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Lio's Astonishing Tales: From the Haunted Crypt of Unknown Horrors Paperback – Bargain Price, August 18, 2009
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About the Author
New Jersey native Mark Tatulli is an internationally syndicated cartoonist, an accomplished filmmaker, and an animator. He has won three Emmy awards for his work in television, and received the Rueben Award from the National Cartoonists Society for Best Newspaper Comic Strip for Lio.
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This treasury contains the same Lio cartoons that were previously published in the collections "Happiness Is a Squishy Cephalopod" and "Silent But Deadly". It adds only a small amount of new material: a few quirky fake adverts on the back and inside covers and four pages of early experimental sketches of Lio. There are also occasional comments on the cartoons from the author: typical two or three lines per cartoon, on around 30% of the cartoons.
If you're new to Lio, this is a great place to begin!
Mark Tatuli understands alla that -- and more. His influence by the likes of Charles Adams and Gahan Wilson (check out the hunting related toons inside -- or the faces of the ocassional vampire), and his obvious homage to such greats, are part of what has made "Lio" one of the best comic strips in many a moon (right up there with the likes of "Pogo," "Bloom County" and "Calvin and Hobbes"). And the coolness of a comic strip sans dialouge (except the ocassional note/letter, sign or cry of shock, is still a novelty on the "funny pages" these days. Tatuli mixes 4/5ths weirdness with 1/5th sweetness (a note from Calvin's dad encouraging him to be a cartoonist -- or Calvin's undying, and very hopeful crush on the almost-rabid Eva Rose, check out the full-color Sunday strip on page 177 -- yeah, as Tatuli notes, it _is_ a bit weird -- but for us romantics, only a bit). Not too worry, lovers of weird/dark comedy: there are plenty of zombie gags (Tatuli loves 'em), strange visitors from other planets, cameos by the likes of Dracula, Frankentstein, the Wolfman and the Creature From the Black Lagoon -- and even cameos by the likes of Charlie Brown, Garfield, Dagwood and Blondie, Pinnochio, you name it (Tatuli loves to "visit" other comic strips -- and visit his weirdness upon their characters). There are even a couple of message strips, done in a completely weird way, of course. Lio's adventures are set in a weird -- but always good-natured -- parallel world, where a the surprise in a box of gorilla flakes pulls you right into the box, zoos are filled with black bears and "gummi" bears, pets consist of spiders, snakes and a squid named Ishmael, a science project can result in a giant robot which destroys downtown buildings or an army of pink, robotic bunnies, to days spent dreaming up inventive ways to enact revenge on the school bullies who persist in picking on him and hanging out with vampires, ghosts, dragons, gorillas and, ocassionally death (one funny sight gag features Lio eating a box of "Life" cereal, munching and reading the back of the box, while (you guessed it) the Grim Reaper sits across from him at the breakfast table: eating a bowl of cereal and reading the back of his cereal box, appropriately labeled, "Death."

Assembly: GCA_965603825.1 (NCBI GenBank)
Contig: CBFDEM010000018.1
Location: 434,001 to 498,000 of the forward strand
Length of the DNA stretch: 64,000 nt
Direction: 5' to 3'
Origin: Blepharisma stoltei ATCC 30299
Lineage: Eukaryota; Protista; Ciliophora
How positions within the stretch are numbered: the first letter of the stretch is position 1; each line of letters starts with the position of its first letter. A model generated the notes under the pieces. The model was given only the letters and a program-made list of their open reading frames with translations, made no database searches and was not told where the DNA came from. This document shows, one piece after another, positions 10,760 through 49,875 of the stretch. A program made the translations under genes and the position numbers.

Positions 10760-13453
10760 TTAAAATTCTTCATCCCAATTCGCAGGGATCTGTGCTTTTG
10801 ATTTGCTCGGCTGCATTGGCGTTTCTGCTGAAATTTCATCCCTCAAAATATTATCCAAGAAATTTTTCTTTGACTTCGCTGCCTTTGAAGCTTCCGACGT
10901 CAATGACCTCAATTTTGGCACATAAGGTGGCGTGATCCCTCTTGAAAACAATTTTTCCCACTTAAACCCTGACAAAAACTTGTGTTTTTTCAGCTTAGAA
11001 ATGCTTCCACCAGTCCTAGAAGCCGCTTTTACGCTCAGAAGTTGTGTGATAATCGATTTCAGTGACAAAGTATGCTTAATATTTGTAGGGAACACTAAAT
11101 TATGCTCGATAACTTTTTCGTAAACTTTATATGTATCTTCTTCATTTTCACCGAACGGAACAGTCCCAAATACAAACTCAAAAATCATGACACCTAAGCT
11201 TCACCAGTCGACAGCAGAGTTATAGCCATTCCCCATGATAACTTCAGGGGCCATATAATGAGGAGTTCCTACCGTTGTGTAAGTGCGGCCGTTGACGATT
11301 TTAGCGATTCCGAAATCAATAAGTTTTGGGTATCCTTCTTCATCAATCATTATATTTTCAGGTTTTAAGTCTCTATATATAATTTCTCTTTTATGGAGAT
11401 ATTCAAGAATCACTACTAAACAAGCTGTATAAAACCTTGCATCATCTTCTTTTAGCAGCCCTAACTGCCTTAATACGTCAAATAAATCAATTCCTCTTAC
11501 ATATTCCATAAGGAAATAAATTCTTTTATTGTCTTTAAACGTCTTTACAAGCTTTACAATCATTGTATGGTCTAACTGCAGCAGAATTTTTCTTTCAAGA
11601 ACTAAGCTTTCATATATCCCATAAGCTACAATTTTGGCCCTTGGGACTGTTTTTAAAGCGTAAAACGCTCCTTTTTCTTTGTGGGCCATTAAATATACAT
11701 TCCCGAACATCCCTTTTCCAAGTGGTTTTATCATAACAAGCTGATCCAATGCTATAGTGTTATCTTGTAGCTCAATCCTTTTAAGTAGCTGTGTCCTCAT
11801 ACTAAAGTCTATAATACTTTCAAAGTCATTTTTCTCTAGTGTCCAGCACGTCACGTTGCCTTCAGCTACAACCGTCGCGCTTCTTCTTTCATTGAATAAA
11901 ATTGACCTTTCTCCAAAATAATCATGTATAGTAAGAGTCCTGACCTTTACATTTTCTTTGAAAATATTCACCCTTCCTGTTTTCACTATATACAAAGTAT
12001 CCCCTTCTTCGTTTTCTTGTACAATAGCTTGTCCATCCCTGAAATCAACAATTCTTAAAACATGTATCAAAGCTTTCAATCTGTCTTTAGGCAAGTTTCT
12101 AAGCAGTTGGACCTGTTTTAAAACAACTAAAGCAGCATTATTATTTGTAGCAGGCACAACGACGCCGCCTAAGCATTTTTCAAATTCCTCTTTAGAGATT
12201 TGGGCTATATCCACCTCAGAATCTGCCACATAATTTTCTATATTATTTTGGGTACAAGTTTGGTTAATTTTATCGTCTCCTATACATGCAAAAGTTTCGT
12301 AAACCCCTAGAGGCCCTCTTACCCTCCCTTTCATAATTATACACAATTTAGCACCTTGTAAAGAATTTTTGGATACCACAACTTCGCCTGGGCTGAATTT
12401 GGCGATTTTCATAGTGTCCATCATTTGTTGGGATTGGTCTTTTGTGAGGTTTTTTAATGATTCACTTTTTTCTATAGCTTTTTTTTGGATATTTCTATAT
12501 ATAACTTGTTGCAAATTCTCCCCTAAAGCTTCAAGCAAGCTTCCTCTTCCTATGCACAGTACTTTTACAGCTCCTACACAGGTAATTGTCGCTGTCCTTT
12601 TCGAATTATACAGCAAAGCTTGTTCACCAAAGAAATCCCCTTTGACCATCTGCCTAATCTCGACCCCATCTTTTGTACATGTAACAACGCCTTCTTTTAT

Good, gruesome fun for all -- who are so inclined.
There's Corpses Everywhere: Yet Another Lio Collection is also another collection. It only has 128 pages.
If you buy collections, you will see the same strips again in treasuries.
That said, this is an excellent treasury. You don't get a lot of extra "behind-the-scenes" stuff. But Mark Tatulli still puts comments under some of the strips. He said he loves to draw, and it shows in his work.
I was stunned to see how much detail and how many colors he decided to use in his strip. At times, it seemed like an embarrassment of riches. This strip is art in more ways than one. It is also sweet and will appeal to those with a darker side. Lio reminds me of the music video for Émilie Simon's "Flowers"--gothic, but also adorable.
I respect the fact that many strips don't use words. Actions alone leave a stronger impression.
I only hope Lio never loses its originality.
I love LIO. If you do too, this doesn't disappoint. Most of the book just pulls all of the comics together in one place, but there are also interesting little anecdotes by the author/artist - where the comic came from, changes his editor wanted, and notes about feedback he got from when the comic ran.
Most recent customer reviews
I recommend ages 10 and up